Ultrasound-guided pulsed radiofrequency (PRF) neuromodulation of the suprascapular nerve combined with the injection of short-acting corticosteroids may safely and effectively relieve chronic shoulder pain for up to 24 weeks, according to study results published in Pain Practice.
Anesthetic block of the suprascapular nerve often provides brief periods of relief in patients with chronic shoulder pain. When a suprascapular nerve block is deemed insufficient, neurolysis may be required, and PRF may be used for improved outcomes with longer-lasting relief, in the absence of damage to surrounding tissues. Investigators sought to assess the safety and efficacy of PRF under ultrasound guidance for the management of chronic shoulder pain.
A total of 30 patients aged 18 to 75 years with chronic shoulder pain were asked to rate their pain using a 0 to 10 visual analog scale (VAS) and evaluated for active range of motion of the affected shoulder upon flexion, extension, abduction, adduction, internal rotation, and external rotation using a goniometer. Participants then underwent diagnostic suprascapular nerve blocks using 1% lignocaine (2 mL) and patients who reported >50% pain relief post-block (n=28) were scheduled to receive PRF of the suprascapular nerve 2 weeks later.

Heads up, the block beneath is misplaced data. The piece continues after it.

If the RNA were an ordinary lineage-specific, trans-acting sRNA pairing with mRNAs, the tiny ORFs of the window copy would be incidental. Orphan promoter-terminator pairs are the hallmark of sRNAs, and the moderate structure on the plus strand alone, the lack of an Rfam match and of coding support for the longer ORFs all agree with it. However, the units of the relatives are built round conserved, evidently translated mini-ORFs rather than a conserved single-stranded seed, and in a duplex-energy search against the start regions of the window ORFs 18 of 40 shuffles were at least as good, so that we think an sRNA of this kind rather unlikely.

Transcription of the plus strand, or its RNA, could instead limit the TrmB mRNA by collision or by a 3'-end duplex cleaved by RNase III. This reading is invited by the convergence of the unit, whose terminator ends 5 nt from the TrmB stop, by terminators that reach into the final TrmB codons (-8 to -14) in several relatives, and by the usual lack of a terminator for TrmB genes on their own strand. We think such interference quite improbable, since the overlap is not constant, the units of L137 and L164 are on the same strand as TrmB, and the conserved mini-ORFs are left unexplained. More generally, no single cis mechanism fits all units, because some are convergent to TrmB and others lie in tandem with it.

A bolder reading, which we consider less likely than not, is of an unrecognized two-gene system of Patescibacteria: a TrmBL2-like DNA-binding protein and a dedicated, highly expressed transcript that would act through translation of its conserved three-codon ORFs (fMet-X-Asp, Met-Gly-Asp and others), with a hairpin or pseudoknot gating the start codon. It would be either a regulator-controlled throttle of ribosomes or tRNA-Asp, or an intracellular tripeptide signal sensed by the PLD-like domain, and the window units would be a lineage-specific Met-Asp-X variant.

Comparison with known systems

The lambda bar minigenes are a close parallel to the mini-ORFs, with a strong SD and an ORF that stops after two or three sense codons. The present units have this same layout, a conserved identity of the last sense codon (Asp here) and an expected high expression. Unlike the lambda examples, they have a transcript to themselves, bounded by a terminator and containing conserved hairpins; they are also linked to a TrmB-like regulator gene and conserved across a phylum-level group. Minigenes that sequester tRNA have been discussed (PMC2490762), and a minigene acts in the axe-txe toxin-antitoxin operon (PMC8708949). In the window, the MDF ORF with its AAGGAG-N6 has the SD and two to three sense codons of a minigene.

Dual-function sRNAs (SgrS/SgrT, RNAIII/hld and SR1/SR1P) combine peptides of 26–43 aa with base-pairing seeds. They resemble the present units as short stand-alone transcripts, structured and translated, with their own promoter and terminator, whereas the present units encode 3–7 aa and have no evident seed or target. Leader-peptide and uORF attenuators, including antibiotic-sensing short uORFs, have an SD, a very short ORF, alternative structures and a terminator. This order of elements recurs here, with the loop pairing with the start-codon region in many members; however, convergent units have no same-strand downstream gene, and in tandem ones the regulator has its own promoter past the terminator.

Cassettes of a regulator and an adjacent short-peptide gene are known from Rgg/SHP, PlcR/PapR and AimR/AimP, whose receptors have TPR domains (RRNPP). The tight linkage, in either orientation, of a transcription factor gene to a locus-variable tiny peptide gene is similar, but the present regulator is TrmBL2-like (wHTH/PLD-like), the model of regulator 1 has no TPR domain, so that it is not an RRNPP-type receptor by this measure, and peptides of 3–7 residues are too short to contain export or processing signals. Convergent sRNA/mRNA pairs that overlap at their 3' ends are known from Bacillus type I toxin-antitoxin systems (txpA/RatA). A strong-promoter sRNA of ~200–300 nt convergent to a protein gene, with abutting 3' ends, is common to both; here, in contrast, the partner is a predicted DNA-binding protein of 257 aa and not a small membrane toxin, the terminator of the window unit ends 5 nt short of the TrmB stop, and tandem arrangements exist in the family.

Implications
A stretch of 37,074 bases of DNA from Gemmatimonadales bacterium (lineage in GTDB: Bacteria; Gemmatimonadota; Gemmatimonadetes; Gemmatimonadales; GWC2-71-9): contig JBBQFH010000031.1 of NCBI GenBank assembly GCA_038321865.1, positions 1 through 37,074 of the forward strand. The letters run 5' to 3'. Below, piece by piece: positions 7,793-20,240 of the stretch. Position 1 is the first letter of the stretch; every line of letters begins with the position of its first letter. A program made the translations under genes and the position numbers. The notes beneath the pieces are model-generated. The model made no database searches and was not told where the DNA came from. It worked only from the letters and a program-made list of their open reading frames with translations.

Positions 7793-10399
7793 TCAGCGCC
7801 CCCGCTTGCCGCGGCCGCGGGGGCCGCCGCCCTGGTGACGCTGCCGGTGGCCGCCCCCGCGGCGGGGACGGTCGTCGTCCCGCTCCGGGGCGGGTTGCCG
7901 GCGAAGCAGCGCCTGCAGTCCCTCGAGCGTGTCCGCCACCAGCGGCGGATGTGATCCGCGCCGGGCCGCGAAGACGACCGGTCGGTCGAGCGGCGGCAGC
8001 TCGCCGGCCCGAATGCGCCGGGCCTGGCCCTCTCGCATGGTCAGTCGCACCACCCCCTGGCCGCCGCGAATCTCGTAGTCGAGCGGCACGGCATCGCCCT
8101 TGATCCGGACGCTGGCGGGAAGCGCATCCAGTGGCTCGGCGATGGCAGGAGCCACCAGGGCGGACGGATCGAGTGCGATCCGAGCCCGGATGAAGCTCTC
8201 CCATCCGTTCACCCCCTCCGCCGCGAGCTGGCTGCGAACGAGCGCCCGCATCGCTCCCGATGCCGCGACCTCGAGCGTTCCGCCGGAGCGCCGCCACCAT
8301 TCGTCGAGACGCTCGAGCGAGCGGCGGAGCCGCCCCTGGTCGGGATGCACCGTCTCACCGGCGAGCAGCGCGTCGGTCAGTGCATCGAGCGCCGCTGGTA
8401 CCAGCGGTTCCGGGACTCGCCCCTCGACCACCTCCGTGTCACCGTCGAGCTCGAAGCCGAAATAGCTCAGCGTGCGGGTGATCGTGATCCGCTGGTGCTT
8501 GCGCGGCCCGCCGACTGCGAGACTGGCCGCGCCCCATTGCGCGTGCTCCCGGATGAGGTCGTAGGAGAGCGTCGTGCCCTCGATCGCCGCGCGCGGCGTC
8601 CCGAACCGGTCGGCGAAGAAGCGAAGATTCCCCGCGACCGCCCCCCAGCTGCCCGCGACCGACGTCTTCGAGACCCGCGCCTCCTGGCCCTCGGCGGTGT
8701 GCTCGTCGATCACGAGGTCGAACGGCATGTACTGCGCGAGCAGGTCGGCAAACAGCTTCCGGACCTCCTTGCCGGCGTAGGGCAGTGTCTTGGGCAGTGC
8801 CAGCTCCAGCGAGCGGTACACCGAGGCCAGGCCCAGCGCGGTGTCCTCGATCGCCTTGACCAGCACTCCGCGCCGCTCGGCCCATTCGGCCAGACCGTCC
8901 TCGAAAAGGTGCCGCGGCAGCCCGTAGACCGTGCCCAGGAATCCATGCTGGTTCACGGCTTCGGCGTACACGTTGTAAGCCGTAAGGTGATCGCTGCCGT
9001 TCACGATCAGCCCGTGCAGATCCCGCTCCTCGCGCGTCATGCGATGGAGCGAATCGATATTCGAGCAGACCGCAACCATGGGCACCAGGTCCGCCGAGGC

Of the initial 30 participants, 27 received PRF and were included for analysis. After infiltration with 2 mL of 1% lignocaine, 3 cycles of PRF were applied at 42°C for 120 seconds. After PRF completion, the suprascapular nerve area was bathed in 4 mg of dexamethasone to prevent neuritis. Pain and range of motion were assessed immediately after the PRF procedure combined with corticosteroids (day 0), and at 4, 8, 12, and 24 weeks post-procedure.
Patients reported a significant reduction in pain on VAS (P <.05) immediately following the procedure, an effect which was attributed to the dexamethasone injection, with sustained pain reduction through 24 weeks, which was attributed to the PRF procedure. There were also significant increases in active range of motion in all directions (P <.05 for all) after the combination of PRF and steroid injection. No neuritis or deafferentation were observed in any of the patients, and mild discomfort related to the procedure was the only reported adverse event during the study.
Study limitations include its single arm design, small sample size, and the lack of assessment of patient quality of life.
“PRF treatment of suprascapular nerve may be an alternative method of providing prolonged relief for chronic shoulder pain,” concluded the authors.
Sinha P, Sarkar B, Goswami S, Karmakar PR, Dasgupta SR, Basu S. Effectiveness of combination of ultrasonography guided pulsed radiofrequency neuromodulation and block with short acting corticosteroid of suprascapular nerve in chronic shoulder pain. Pain Pract. July 2019. doi:10.1111/papr.12820